VISTA, CALIF. — President Timothy Curnutt is re-engineering Distinctive Plastics Inc. for multiple-shot and insert molding processes. The firm is expanding into automotive, telecommunication and computer peripheral markets. Distinctive moved in July to a leased, custom-built, 46,000-square-foot facility in Vista.
"Our goal is to become the premier multishot molder on the West Coast," he said during a plant tour.
Steps toward ISO 9002 and QS 9000 certification in the past three years have helped triple monthly production to $600,000. The company expects certification by year's end.
Improving procedures is "paying off by leaps and bounds," according to Curnutt.
About 70 original equipment manufacturers, plastics processors and industry suppliers attended an all-day event at the plant April 11. Jurgen Giesow, an application engineer with Arburg Inc. in Newington, Conn., gave technical seminars on process optimization and two-color molding. Demonstrations ran on two new Arburgs, a 110-ton multishot that cost $185,000 and a 28-ton unit with a vertical-enabled clamp.
Initially a tool-and-die maker, Curnutt started the business in a Vista garage in 1981. He began designing injection molds and soon was operating an 88-ton Arburg in his bedroom.
"We used swimming pool water to cool the mold, and it would warm the pool," he said.
The business moved to nearby San Marcos, occupying 3,000 square feet in 1985.
Curnutt designed his ideal plant for four years, mostly using AutoCAD software.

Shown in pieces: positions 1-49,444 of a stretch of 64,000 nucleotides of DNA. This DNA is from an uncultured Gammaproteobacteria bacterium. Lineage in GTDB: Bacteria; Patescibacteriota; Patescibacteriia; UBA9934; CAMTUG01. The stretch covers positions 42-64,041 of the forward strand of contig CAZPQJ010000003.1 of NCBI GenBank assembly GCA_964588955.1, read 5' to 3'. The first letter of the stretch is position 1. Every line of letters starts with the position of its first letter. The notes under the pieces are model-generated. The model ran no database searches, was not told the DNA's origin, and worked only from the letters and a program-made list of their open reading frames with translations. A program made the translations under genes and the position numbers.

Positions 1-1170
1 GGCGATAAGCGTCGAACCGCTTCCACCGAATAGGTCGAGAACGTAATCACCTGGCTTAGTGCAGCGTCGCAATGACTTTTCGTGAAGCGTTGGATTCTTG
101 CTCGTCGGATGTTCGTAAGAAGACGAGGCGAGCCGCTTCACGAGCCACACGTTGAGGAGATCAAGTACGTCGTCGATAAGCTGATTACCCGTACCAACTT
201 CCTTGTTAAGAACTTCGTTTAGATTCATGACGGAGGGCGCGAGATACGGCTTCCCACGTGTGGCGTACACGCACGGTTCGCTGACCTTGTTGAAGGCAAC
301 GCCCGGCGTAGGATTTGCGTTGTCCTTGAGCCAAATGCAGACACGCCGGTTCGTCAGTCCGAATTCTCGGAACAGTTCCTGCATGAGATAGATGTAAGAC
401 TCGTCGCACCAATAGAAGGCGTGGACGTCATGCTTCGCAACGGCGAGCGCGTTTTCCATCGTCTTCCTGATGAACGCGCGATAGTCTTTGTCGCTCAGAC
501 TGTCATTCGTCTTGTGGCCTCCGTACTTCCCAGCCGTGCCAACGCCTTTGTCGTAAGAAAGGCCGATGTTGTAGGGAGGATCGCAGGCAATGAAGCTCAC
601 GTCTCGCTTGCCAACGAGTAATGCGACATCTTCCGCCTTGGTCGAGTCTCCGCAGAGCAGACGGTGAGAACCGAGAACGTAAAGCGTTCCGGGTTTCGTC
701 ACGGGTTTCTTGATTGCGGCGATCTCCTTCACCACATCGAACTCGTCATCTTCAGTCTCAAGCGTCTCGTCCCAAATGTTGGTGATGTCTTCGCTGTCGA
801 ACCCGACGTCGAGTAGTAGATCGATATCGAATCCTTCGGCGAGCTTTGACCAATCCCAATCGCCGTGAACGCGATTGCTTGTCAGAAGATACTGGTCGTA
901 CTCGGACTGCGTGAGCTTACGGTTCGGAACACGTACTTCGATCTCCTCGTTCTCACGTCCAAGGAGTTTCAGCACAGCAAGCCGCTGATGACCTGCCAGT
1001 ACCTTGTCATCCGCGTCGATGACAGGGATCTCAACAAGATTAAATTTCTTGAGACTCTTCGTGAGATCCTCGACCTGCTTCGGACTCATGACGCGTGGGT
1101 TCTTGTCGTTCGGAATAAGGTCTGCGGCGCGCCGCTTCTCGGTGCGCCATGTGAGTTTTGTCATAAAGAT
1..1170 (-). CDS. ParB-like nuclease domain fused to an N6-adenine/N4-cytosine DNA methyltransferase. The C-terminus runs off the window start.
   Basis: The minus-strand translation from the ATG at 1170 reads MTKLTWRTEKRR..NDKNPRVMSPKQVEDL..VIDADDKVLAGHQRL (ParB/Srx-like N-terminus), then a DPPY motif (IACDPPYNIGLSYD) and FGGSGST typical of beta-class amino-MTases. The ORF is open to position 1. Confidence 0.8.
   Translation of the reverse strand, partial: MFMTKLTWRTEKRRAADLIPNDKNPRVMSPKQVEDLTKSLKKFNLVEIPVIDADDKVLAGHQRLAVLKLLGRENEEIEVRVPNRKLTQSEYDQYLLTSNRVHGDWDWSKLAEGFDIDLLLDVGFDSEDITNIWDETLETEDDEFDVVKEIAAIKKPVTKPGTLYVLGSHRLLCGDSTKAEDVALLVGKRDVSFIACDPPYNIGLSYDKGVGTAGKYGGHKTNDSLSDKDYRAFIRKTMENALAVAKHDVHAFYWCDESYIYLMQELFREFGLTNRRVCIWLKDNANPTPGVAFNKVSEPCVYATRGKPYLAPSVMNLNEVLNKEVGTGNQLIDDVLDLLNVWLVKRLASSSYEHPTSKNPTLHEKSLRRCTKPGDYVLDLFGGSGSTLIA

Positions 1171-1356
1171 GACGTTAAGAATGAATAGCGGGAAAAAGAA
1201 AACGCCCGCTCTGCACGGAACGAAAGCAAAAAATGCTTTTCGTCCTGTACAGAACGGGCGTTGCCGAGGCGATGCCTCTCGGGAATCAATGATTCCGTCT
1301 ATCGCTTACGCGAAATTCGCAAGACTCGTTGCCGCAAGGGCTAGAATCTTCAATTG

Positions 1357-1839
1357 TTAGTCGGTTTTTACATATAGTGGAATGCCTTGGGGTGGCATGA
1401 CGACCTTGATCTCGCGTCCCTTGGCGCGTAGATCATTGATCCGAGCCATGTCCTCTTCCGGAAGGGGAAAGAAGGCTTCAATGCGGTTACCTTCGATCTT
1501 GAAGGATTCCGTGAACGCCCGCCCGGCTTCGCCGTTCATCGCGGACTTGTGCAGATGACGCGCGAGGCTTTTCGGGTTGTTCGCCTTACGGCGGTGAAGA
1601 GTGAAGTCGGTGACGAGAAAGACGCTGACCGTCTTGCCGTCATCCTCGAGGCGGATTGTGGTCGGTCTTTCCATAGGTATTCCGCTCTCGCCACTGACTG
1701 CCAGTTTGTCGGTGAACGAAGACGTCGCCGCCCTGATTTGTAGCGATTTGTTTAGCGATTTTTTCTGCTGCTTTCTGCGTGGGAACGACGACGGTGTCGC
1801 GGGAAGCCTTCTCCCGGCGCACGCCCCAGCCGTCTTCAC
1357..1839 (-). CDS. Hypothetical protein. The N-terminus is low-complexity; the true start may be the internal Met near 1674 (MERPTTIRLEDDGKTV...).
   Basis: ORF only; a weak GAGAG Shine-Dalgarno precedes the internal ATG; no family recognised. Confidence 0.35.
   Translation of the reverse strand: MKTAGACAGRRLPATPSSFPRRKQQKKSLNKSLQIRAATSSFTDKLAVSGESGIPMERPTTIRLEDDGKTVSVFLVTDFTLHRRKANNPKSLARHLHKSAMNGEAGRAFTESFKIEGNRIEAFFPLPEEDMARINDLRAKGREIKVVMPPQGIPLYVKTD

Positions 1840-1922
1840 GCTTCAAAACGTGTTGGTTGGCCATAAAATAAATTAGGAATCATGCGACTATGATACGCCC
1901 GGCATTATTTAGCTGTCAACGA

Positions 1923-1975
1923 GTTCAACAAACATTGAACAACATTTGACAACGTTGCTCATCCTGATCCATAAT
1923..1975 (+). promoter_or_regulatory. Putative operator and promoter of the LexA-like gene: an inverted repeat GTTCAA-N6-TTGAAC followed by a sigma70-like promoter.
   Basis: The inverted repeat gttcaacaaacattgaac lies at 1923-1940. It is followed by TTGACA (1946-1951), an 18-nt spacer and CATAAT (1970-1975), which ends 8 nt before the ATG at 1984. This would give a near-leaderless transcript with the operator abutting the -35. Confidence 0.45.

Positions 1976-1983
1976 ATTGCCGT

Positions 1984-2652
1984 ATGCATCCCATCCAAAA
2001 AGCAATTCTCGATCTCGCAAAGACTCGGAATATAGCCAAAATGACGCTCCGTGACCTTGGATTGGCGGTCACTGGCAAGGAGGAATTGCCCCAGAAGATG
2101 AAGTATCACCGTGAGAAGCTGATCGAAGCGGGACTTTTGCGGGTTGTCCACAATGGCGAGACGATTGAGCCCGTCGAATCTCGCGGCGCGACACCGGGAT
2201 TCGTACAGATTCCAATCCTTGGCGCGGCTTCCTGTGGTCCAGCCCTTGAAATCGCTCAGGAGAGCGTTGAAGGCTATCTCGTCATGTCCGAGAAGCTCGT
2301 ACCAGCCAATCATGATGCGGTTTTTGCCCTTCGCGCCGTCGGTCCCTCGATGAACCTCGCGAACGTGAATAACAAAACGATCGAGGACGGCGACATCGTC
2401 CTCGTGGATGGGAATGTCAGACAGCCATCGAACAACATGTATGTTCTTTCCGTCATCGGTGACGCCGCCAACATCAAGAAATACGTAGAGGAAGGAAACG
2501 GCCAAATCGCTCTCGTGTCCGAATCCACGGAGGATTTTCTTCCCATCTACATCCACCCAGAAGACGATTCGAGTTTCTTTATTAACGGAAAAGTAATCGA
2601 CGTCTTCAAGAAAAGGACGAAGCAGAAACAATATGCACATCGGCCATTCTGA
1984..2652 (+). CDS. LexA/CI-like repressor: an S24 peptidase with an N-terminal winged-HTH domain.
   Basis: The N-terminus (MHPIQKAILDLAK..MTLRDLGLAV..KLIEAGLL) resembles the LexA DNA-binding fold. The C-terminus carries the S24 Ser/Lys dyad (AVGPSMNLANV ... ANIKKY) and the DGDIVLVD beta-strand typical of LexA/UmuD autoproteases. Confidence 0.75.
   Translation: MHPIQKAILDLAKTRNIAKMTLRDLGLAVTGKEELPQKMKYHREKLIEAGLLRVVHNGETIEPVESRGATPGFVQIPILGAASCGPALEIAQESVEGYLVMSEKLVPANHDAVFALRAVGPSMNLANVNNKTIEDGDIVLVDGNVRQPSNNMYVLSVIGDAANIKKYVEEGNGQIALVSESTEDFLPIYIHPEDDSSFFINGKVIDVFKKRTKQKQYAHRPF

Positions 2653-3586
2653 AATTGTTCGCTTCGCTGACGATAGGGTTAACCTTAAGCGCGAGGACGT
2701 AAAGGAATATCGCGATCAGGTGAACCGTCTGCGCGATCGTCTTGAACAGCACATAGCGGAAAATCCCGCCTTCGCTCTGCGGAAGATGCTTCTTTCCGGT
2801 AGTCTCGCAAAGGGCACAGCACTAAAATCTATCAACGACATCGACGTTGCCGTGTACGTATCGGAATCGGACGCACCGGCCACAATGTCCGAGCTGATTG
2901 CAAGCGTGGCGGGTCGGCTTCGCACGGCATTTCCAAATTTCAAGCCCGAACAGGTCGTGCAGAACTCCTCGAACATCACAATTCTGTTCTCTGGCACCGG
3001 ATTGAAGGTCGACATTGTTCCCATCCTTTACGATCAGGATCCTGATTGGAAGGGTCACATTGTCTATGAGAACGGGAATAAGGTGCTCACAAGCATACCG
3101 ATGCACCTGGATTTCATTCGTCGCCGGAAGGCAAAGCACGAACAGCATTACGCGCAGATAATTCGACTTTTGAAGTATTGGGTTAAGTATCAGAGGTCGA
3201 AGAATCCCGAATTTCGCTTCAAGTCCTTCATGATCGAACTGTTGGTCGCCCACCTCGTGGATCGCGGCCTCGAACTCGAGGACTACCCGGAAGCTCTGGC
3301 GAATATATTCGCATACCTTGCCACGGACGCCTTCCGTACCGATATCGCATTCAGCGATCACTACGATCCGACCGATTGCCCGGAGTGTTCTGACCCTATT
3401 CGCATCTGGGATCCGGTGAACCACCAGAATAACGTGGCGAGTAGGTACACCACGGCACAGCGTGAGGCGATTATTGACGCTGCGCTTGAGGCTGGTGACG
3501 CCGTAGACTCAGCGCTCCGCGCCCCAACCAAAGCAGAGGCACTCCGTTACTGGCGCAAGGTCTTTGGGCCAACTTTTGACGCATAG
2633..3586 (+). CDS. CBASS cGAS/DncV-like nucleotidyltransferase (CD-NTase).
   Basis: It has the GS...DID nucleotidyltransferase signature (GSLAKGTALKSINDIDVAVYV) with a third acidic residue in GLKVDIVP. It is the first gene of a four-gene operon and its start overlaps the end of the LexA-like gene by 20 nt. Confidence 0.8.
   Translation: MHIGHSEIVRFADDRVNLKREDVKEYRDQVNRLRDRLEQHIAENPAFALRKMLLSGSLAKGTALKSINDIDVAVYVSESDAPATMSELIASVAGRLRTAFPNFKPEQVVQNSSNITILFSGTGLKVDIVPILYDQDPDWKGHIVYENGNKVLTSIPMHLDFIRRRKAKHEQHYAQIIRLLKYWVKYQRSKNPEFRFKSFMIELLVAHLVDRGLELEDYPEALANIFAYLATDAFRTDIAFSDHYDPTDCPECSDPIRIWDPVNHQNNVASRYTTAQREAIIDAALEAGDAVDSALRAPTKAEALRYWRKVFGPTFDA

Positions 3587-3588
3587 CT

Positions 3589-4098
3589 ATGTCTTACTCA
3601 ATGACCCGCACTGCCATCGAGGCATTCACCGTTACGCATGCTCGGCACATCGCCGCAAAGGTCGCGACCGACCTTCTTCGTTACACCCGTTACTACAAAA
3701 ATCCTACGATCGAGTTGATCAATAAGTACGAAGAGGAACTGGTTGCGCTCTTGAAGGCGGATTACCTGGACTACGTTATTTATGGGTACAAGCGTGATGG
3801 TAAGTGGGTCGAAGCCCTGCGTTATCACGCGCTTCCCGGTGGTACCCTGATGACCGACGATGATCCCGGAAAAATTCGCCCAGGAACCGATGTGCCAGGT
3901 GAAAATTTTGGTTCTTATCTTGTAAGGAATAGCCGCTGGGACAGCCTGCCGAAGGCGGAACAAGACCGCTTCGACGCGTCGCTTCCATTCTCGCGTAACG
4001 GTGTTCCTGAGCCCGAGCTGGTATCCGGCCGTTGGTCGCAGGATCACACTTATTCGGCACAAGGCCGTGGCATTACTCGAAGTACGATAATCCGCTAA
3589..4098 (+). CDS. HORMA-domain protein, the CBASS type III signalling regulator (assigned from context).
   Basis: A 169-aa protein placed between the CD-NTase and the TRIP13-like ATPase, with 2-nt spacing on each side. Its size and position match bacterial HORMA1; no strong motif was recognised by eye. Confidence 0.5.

A 5,600-square-foot room has 19 presses of 28-500 tons and an overhead crane. Curnutt has added three Toyo presses with 200-, 300- and 400-tons of clamping force since July. An adjacent room of 4,000 square feet holds the two new Arburgs and is primed for eight more presses. No timetable exists for filling the slots.
Distinctive uses some commodity resins, but Curnutt's design interests lead him toward engineering grades.
Secondary operations include routing, pad printing, sonic welding and hot stamping.
Distinctive makes about 50 percent of its molds in-house and stores tools in an air-conditioned room.
Curnutt plans to buy a horizontal machining center next year to complement a three-axis machining center.
Nearby, the shop has a computer numerically controlled electric discharge machine, a manual EDM and space for a wire EDM.
The quality operation recently acquired a Starrett coordinate measuring machine.
Distinctive had 1999 sales of $5.7 million and has had average annual growth of 19.5 percent since 1991. Curnutt forecasts 20 percent growth this year.
The firm employs 70, including five mold makers. Kip Carter joined Distinctive as sales manager in March.